Resources in Myth: Coal is Cheap

Dodging clean up costs: Six tricks coal mining companies play

This report looks at six methods that coal companies operating in Australia currently use to avoid, minimize or delay their rehabilitation obligations in New South Wales and Queensland. The report finds that the existing legal framework allows public and private companies to rort the system by avoiding their rehabilitation responsibilities. The result is unnecessary, and in some cases extreme, costs that are borne by the taxpayer when proper rehabilitation is performed.

THE ECONOMICS OF COAL LEASING ON FEDERAL LANDS: Ensuring a fair return to taxpayers.

This report examines the market implications of changing royalty rates based on three potential approaches motivated by the current structure. It concludes the US Government’s federal lands coal leasing program costs taxpayers billions of dollars in lost revenue due to a flawed approach to valuing coal, inadequate oversight and major royalty loopholes.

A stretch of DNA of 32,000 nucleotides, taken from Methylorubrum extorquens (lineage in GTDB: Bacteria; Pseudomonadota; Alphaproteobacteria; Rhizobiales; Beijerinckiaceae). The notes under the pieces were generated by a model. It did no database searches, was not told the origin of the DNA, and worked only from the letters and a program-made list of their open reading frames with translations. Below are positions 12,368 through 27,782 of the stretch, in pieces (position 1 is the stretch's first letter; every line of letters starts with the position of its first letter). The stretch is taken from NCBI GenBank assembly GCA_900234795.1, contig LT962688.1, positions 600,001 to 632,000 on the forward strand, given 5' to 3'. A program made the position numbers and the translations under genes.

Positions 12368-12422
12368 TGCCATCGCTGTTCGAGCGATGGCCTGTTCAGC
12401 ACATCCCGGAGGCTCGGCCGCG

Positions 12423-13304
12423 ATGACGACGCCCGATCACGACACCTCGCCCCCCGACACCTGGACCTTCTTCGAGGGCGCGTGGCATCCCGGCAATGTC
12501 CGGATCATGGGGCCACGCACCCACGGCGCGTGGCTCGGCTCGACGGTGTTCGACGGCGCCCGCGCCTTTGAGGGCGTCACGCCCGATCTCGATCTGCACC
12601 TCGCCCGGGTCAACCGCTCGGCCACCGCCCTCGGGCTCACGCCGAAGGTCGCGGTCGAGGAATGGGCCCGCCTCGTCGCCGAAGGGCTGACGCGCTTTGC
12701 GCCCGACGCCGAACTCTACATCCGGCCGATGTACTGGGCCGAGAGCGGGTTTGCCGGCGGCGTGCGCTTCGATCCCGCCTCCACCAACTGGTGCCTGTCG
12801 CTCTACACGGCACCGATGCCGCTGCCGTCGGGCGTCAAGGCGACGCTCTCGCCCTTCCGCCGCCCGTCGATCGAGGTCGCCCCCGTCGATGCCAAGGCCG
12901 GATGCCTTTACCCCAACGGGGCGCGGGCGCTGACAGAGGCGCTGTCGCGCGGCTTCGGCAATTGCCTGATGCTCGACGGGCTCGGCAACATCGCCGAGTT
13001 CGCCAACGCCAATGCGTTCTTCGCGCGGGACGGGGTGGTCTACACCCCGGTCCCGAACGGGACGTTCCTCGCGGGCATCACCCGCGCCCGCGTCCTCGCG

Water Demands of coal power plants in drought affected regions of India

A detailed report by Greenpeace that analyses the water demands of coal power plants in drought affected regions of India, a country which has 4% of water resources but more than 17% of the worlds' population. The report illustrates that long term planning of water resources is necessary to prevent severe droughts. Coal power plants are one of most water-intensive industrial users of fresh water across the world and in India.

NEW REPORT: Nearly $1 Trillion Wasted Globally On Extraneous Coal Projects

Boom and Bust 2016 is the second annual report published by Greenpeace, The Sierra Club and CoalSwarm examining the precarious global coal plant pipeline. The report reveals that while the coal industry continues to push for the construction of more coal-fired power plants, in reality, coal plants are increasingly sitting idle in all of the world’s four largest markets, and global coal consumption is declining drastically. This is particularly evident in China where the government recently took the first step to curb runaway coal plant investment, after the country’s coal use plunged by nearly 6.4 percent in two years.